Solar panels are awesome.
But what happens when the sun goes down? Or it rains? Or when it’s technically spring, but it might snow again on the weekend because it’s Britain and you’ve forgotten what the warm touch of natural heat feels like?
New solar panels created by Chinese researchers take energy from the friction of falling raindrops, as well as the sun, so it’s an effective source of renewable energy all year round.
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Although it’s still in the early stages of development, reports suggest that it could also be used to create raincoats that can charge your electronic devices as you wear it.
It’s British Science Week — so it’s a good time to make it rain with facts.
The researchers from Soochow University in eastern China have placed two transparent polymer layers on top of a solar photovoltaic (PV) cell. Still with us? Basically, the solar cell still absorbs sunlight because of the top layer’s transparency. Meanwhile, that top layer collects the rain — and as it rolls down, the friction creates a static charge.
“Our device can always generate electricity in any daytime weather,” said Baoquan Sun from Soochow University — one of three scientists on the project who shares a surname with their actual work. “In addition, this device even provides electricity at night if there is rain.”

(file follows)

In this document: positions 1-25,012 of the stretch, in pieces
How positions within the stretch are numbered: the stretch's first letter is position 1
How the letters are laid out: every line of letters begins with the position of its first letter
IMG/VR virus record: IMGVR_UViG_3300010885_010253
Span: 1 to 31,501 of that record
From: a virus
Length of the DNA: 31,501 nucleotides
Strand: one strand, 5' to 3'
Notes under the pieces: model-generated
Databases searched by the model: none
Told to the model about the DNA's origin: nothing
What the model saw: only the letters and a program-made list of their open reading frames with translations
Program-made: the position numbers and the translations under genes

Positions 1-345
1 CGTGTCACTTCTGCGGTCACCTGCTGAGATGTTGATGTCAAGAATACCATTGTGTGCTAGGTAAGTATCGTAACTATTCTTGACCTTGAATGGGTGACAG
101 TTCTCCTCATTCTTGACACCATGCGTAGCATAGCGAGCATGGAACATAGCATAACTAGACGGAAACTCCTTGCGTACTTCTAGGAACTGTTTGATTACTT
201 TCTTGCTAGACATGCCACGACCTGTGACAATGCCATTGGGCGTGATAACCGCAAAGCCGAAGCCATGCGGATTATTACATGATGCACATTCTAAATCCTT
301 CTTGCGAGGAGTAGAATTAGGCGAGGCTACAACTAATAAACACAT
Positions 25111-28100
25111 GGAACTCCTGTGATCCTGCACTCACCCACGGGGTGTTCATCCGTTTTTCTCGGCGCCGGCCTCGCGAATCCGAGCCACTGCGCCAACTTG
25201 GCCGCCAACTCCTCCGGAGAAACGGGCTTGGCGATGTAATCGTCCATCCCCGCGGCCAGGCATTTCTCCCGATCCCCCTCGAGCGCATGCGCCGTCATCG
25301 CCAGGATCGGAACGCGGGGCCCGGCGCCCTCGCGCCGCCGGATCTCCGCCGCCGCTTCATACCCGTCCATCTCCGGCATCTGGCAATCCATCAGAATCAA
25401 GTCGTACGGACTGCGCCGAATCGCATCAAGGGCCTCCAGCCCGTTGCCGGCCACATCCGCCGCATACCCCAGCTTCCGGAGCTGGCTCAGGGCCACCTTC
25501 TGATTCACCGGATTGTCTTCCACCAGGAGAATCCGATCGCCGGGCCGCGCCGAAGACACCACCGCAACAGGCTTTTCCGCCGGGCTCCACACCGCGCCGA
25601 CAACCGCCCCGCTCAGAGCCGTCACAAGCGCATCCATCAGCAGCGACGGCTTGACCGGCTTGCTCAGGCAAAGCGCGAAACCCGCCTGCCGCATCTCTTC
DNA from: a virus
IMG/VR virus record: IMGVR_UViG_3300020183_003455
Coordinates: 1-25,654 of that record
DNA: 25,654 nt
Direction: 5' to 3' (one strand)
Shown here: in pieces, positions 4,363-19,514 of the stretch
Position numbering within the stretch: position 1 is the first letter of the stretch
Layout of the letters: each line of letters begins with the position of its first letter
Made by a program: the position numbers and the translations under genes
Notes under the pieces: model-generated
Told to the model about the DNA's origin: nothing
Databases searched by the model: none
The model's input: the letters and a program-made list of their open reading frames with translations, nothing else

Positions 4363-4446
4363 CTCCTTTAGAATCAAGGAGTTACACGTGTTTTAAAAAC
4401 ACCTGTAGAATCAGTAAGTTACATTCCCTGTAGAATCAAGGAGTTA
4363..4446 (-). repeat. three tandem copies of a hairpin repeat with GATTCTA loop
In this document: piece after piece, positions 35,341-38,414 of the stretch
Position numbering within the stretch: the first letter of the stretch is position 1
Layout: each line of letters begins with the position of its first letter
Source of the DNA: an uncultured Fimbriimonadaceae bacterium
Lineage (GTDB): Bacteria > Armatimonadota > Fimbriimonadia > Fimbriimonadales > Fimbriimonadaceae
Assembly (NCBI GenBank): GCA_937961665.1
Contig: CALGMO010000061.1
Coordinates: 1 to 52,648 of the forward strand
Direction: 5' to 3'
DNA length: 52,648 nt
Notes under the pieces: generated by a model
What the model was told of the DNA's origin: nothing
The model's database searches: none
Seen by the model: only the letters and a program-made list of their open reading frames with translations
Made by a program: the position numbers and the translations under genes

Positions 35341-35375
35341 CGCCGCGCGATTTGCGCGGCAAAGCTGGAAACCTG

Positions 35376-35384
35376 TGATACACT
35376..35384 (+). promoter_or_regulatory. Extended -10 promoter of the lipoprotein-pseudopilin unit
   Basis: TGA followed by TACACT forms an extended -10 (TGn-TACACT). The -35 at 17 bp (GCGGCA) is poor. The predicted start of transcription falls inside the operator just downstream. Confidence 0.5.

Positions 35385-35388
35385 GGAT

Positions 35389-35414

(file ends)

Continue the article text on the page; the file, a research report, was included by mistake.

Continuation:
It’s a simpler form of something that already exists. Triboelectric nanogenerators were invented back in 2012, but the new technology is the first to include the polymer layers — and it’s more compact, too. All it needs now is a catchy name.
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“Due to our unique device design, it becomes a lightweight device,” continued Sun. “In future, we are exploring integrating these into mobile and flexible devices, such as electronic clothes. However, the output power efficiency needs to be further improved before practical application.”
A new hybrid solar cell can harvest energy from both sunlight and raindrops.The key part of the system is a triboelectric nanogenerator or TENG, a device which creates electric charge from the friction of two materials rubbing together, as with static electricity.— Abhilash Sidd (@abhilash99) March 13, 2018
A prototype is expected within three to five years, according to the journal ACS Nano. The technology is also being used to experiment with wind power — which some experts believe is its most natural partner.
All this is super news for Britain — which, rumour has it, hasn’t seen the sun since England last won the World Cup. On a sunny day, the UK can produce 8GW of solar energy, a quarter of its total energy demand, but during the winter this can drop to just 1GW.
But a raincoat that can charge your iPhone? Did somebody say Glastonbury?
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